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Currency update June 28: pound hits 19 month high

Published:  28 June, 2010

Currency update June 28: Sterling had a strong week last week as tough spending cuts announced in the emergency Budget eased fears amongst investors that the UK would suffer a debt crisis akin to Greece or Spain.

Currency rates: June 28 AM
EURO/GBP - 1.216
US$/GBP - 1.504
CHF/GBP - 1.633
CAN$/GBP - 1.557
AUS$/GBP - 1.723
ZAR/GBP - 11.369
JPY/GBP - 134.56
HKD/GBP - 11.714
NZD/GBP - 2.123
HUF/GBP - 344.80

The pound hit a 19 month high of €1.22/ £1 and held above the $1.50/ £1 level for the first time in nearly five weeks. A new trend emerged that clearly showed the Budget helped separate the UK from the rest of Europe in the eyes of investors. Normally, when European stock markets have fallen in the last few months, the pound has followed suit against the euro.

However, last week, we saw sterling hold strong in the face of faltering European markets. With little UK data out today, the focus is on the general risk trends. Many analysts feel that there is not enough positive impetus to push the pound beyond $1.50/ £1 - get in touch now to avoid missing out.

In the Euro zone, stock markets are set to rise this morning after Asian markets strengthened overnight. The rally was caused as fears eased that the US senate would draft a harsh banking regulation bill.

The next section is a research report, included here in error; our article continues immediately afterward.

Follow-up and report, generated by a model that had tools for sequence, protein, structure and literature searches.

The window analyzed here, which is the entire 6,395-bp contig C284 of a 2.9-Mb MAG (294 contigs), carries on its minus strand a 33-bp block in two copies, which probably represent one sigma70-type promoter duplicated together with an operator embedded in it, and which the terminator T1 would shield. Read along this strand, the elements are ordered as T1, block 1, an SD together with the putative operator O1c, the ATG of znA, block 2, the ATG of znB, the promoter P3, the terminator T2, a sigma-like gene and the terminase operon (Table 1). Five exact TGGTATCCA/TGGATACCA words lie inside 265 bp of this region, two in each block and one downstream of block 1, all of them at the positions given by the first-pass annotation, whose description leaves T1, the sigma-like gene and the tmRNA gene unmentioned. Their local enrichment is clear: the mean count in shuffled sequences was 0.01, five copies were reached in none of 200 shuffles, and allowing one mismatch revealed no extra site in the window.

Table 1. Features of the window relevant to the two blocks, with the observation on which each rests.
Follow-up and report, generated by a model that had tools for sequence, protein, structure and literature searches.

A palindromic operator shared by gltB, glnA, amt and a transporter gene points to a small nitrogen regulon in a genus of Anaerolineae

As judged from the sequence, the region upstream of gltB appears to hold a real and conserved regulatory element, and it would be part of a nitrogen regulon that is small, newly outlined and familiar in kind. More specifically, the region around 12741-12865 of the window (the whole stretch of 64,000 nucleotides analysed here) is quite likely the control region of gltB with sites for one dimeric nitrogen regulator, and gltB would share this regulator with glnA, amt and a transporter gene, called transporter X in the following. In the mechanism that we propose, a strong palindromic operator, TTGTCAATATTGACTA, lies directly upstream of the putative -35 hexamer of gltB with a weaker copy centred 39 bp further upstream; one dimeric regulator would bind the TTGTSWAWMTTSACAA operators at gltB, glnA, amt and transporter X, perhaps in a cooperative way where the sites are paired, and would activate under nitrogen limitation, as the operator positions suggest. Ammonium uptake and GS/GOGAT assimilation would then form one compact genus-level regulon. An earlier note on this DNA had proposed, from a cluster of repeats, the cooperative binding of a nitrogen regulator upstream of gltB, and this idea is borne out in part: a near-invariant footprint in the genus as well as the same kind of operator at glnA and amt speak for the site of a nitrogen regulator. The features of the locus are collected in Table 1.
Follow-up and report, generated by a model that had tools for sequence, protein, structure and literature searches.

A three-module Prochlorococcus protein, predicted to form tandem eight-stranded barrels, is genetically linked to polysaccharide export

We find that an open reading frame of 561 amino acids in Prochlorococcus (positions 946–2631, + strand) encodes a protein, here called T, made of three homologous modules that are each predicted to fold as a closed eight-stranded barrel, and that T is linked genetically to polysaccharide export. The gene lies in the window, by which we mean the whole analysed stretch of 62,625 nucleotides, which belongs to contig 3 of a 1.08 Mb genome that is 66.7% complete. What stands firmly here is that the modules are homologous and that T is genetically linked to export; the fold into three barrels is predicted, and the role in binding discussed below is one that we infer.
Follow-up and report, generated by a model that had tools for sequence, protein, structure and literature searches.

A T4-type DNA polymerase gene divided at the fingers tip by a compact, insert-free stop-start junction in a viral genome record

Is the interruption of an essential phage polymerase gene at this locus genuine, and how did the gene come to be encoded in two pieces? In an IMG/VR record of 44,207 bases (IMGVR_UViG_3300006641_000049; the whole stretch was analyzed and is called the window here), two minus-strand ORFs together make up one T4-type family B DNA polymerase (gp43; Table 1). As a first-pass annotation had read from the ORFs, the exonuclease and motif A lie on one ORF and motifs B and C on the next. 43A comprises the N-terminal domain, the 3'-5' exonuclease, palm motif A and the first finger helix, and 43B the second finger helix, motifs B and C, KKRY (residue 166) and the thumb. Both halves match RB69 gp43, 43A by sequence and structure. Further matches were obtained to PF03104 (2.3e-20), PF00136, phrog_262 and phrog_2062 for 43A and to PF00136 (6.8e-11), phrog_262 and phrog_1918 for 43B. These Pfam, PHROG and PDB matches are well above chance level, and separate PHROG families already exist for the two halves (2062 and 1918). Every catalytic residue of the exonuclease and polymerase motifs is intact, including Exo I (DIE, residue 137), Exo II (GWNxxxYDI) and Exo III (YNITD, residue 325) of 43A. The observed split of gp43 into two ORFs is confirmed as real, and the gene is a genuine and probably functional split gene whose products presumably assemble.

There had been concerns that at the meeting of the G20 leaders over the weekend, the leaders would co-ordinate some sort of global financial regulation package, but as it was the summit proved fairly inconclusive.

The general outcome seemed to be that every country had slightly different issues to contend with and as a result, the respective governments would do things their own way. European money supply data out today is expected to show a further contraction in the rate of growth. Sentiment towards the region is still poor - get in touch now for a live price.

In the USA, the focus this week is on Non-Farm payroll data (released Friday), house prices, manufacturing data and spending/ income data. An improvement in May employment and hourly earnings could mean that both income and spending data shows an improvement also.

In addition, overnight the People's Bank of China set the Chinese yuan's daily mid-point at a new post-revaluation. This revaluation has been praised by the USA as it makes US goods more competitive, however, the real motive behind the revaluation is probably to keep a lid on China's overheating economy.

Elsewhere, a report from the National Bank of New Zealand showed that consumer confidence fell in the region by the largest amount since October 2008. The reason behind the drop was falling expectations of growth in various industries.

A survey by Credit Suisse shows that many traders are forecasting an interest rate rise of 131 basis points over the next year despite this poor confidence.

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